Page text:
New body set up to run arts and culture services in Peterborough

Last month, arts, cultural, heritage and library services in Peterborough transferred from Vivacity to City College Peterborough.

By Joel Lamy
Sunday, 25th October 2020, 6:07 am
Peterborough Museum is now run by City College Peterborough
Peterborough Museum is now run by City College Peterborough

The handover came after not-for-profit trust Vivacity saw its finances decimated by the coronavirus pandemic.

Here, the Peterborough Telegraph outlines how the new arrangement will work:

City College Peterborough

Pat Carrington

Based in Brook Street, the college is legally a department of Peterborough City Council but operates with an independent board of governors, which is chaired by council leader Cllr John Holdich.

Founded in 1944, the college provides opportunities for adult learners, school leavers, businesses and families.

City Culture Peterborough

The college has its own charitable arm called City College Peterborough Foundation. Its aims are to, among other things: reduce poverty, increase inclusion, increase employment and education and offer leisure opportunities which are inclusive.

The foundation has now created its own trading company called City Culture Peterborough Ltd which will run the former Vivacity services.

City Culture Peterborough will be not-for-profit, with any surplus re-invested into services.

Its three current directors are: Pat Carrington (City College Peterborough principal), Claire Higgins (chief executive of housing association Cross Keys Homes) and Tom Hennessy (chief executive of Opportunity Peterborough).

Other directors are expected to be appointed in the future.

How the relationships will work

City Culture Peterborough will be accountable both to its own foundation and the city council.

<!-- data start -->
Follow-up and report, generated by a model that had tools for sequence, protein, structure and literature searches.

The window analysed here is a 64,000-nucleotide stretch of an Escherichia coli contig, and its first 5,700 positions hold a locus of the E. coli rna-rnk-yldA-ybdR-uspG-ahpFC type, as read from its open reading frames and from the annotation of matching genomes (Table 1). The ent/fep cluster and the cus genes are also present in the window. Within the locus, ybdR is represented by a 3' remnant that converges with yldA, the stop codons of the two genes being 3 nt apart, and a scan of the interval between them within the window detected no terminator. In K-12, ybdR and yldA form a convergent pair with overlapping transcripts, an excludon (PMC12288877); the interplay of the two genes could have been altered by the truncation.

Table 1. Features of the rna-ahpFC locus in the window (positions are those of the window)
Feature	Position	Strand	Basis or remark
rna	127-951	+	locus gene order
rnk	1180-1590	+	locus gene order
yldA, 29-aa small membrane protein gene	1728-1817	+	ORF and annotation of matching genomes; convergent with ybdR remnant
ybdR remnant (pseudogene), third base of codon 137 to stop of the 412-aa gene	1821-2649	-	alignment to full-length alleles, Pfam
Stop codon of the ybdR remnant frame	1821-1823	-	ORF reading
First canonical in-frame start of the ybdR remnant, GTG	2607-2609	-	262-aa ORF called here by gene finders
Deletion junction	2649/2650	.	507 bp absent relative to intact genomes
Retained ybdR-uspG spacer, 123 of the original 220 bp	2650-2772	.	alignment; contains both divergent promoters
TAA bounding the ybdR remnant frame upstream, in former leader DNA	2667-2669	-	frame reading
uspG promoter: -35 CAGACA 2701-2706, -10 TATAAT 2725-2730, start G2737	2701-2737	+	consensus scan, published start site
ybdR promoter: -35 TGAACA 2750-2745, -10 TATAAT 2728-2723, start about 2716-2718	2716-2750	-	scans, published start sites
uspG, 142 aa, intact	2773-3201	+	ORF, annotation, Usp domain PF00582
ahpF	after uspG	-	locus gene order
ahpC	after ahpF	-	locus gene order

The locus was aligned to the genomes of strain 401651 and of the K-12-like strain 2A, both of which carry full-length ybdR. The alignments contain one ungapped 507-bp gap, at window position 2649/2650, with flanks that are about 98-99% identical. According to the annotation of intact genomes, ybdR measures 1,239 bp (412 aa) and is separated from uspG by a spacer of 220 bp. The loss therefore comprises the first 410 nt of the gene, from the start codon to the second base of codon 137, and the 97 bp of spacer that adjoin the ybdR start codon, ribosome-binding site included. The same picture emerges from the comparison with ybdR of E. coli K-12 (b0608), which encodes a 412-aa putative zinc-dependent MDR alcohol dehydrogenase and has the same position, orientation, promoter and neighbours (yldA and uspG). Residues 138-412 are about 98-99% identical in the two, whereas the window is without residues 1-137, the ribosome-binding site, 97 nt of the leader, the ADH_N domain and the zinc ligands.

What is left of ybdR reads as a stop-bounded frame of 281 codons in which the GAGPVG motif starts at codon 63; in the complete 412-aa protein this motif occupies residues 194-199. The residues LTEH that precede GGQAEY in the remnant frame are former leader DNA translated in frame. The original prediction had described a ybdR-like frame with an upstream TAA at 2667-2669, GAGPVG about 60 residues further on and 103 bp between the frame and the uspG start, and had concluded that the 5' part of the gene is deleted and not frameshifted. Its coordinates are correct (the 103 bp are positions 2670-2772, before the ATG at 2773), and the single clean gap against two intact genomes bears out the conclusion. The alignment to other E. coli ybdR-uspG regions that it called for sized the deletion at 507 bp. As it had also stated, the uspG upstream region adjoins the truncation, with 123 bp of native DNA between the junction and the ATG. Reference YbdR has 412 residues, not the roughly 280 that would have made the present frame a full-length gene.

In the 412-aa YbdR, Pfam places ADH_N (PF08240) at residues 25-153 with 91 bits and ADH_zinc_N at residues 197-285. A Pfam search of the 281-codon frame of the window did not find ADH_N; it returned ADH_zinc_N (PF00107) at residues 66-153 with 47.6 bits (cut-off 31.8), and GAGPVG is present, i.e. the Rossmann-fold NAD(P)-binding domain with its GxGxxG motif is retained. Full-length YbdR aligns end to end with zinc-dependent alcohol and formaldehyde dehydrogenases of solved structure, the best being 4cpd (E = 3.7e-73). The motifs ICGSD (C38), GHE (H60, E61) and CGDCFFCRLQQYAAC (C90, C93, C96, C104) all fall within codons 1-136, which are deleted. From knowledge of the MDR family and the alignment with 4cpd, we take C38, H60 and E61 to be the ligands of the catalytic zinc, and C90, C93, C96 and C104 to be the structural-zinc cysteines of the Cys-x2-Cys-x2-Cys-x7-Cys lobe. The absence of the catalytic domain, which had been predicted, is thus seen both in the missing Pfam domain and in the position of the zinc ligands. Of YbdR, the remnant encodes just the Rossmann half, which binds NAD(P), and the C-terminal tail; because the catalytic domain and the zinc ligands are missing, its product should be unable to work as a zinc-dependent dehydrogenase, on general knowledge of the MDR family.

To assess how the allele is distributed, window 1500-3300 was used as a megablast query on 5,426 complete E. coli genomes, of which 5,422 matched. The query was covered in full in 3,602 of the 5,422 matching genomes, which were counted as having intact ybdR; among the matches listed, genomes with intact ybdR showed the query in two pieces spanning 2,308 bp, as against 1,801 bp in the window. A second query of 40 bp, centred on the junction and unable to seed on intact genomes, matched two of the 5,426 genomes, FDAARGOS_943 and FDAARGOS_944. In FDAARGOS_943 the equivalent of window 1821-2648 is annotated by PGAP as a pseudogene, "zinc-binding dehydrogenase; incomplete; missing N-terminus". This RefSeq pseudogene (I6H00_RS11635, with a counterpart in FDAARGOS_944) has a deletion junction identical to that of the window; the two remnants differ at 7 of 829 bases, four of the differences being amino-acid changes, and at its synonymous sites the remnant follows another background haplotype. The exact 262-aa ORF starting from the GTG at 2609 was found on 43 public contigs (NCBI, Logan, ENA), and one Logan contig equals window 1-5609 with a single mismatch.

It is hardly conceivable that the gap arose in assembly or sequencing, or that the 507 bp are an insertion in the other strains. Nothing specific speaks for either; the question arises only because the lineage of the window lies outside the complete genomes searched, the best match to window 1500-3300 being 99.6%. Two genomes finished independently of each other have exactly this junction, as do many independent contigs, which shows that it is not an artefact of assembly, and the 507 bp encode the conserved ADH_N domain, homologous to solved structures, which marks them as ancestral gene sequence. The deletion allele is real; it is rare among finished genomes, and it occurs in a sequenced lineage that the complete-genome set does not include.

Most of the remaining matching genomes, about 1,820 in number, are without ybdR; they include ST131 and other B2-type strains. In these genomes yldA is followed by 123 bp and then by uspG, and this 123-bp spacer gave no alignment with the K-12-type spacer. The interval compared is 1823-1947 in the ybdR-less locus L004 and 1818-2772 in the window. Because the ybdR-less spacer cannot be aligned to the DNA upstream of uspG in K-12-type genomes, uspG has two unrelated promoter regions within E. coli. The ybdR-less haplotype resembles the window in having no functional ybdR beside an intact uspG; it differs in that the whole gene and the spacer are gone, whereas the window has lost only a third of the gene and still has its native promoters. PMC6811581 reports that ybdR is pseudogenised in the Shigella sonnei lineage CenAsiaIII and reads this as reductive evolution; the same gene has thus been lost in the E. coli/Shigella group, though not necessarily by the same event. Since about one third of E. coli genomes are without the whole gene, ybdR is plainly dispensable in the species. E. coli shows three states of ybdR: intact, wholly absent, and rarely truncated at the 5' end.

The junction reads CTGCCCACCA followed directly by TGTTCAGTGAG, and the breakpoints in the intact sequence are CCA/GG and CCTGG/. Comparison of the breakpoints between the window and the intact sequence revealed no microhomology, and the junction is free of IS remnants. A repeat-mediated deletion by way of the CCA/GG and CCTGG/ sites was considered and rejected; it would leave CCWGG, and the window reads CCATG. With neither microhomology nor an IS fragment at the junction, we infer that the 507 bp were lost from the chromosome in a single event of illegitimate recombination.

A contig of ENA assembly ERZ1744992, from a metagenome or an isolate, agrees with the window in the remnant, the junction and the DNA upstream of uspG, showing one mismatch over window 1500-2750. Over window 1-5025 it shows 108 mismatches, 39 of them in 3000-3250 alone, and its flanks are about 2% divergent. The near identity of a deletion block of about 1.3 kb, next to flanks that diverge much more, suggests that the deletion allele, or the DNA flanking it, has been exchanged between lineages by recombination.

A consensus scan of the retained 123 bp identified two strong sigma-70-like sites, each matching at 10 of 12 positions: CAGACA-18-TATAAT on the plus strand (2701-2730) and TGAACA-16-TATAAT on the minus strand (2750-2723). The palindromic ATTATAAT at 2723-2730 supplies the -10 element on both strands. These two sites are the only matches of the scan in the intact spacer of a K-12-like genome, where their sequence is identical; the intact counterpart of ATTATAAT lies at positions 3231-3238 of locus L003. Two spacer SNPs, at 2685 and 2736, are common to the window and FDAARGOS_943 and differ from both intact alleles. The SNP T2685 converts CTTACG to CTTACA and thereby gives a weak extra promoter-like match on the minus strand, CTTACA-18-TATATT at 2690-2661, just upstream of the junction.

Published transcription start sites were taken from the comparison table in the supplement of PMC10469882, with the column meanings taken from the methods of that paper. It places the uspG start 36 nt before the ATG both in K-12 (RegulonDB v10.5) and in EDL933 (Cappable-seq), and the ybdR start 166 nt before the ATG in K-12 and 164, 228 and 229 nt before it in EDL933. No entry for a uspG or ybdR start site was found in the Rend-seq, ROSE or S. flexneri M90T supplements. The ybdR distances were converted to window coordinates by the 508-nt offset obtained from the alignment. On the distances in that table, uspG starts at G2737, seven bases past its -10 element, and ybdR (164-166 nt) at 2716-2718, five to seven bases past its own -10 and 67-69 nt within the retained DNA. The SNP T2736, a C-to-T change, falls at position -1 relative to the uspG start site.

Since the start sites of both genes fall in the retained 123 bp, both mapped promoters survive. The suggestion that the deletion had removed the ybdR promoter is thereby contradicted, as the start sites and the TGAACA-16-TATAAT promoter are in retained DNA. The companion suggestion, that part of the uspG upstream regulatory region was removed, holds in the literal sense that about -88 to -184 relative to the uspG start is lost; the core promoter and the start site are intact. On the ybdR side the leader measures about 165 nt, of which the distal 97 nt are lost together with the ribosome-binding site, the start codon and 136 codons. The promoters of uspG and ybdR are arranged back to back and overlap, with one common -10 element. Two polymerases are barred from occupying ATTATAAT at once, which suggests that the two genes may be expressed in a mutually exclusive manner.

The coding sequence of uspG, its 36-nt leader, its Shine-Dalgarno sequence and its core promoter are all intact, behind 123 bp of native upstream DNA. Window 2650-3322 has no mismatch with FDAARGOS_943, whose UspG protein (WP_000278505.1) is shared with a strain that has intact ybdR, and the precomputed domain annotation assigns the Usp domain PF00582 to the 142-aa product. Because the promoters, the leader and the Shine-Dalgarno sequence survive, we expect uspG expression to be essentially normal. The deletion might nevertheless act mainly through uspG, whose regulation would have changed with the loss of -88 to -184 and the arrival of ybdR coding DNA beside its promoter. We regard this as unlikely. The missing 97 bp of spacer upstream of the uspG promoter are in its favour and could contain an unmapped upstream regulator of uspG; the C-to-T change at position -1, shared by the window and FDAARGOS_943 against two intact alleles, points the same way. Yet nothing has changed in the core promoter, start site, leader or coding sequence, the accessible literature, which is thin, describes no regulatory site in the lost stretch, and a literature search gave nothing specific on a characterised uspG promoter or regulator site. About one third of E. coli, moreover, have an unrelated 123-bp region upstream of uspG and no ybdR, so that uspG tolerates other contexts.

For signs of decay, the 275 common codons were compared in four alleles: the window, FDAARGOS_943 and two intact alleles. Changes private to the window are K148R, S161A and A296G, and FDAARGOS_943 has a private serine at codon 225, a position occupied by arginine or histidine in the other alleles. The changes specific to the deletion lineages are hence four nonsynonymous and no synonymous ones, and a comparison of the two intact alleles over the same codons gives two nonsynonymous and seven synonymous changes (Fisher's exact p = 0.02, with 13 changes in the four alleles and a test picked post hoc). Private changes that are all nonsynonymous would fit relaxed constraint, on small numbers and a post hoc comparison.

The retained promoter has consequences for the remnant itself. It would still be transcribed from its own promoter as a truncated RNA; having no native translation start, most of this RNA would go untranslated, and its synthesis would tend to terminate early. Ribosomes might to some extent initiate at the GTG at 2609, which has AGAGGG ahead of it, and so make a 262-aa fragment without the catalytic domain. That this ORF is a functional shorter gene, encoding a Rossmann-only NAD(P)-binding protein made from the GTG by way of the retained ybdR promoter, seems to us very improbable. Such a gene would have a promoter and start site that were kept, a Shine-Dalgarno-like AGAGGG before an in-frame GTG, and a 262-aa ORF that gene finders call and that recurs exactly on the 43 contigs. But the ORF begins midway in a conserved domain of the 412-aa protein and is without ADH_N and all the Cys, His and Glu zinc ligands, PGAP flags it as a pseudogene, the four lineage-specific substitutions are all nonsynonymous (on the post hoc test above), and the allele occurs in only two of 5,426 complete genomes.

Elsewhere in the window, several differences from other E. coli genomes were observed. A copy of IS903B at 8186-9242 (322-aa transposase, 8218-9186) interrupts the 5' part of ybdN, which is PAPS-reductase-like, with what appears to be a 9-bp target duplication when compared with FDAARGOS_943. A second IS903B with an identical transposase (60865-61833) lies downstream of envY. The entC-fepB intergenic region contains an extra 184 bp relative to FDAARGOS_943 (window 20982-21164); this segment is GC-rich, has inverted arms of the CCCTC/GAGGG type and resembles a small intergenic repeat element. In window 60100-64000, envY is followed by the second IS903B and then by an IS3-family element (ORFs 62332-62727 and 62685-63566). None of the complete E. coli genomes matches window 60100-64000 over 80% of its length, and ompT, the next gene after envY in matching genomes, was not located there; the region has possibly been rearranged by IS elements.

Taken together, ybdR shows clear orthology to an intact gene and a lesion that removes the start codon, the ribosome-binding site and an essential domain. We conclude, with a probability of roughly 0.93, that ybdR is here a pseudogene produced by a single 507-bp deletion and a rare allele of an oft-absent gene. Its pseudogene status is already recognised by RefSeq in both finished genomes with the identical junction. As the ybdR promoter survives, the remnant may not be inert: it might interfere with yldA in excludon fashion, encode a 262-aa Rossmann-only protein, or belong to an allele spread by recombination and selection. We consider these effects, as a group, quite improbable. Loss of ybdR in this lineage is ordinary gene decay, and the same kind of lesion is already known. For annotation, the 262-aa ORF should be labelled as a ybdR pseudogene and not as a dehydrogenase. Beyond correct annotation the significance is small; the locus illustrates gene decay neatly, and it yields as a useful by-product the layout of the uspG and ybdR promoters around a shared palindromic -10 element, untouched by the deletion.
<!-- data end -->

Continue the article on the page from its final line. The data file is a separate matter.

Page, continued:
It is also part of a partnership board with the council and Peterborough Ltd which has taken on the running of leisure services previously run by Vivacity.

Peterborough Ltd is also a council body.

Asked if there was the potential for a conflict of interest due to the close ties with the council, Ms Carrington said: “One of the things that we are very mindful of is what we offer is for the city. So it’s important the engagement is there with other organisations, groups and individuals.”

She added that being a not-for-profit organisation means there will be no competitiveness, while other services will be promoted at venues run by City Culture Peterborough.

Why was City College Peterborough chosen to run services?

The college already looks after libraries in Cambridgeshire.

Ms Carrington said it was a “logical conversation” to discuss taking over library services in Peterborough following Vivacity’s collapse, adding: “Then as we began to unpick what the strengths of this would be it made sense to carry that out to heritage and the Key Theatre.

“As an organisation City College has a team which is used to running services for the council where we are there to deliver what local people want. It’s about the value we can give local people.”

Existing college management will work alongside staff transferred over from Vivacity.

Long-term, there is a plan to develop a new website and design a new logo.

This is one of a five part interview with Pat Carrington on the future of cultural services in Peterborough. All articles will appear on the Peterborough Telegraph’s website at: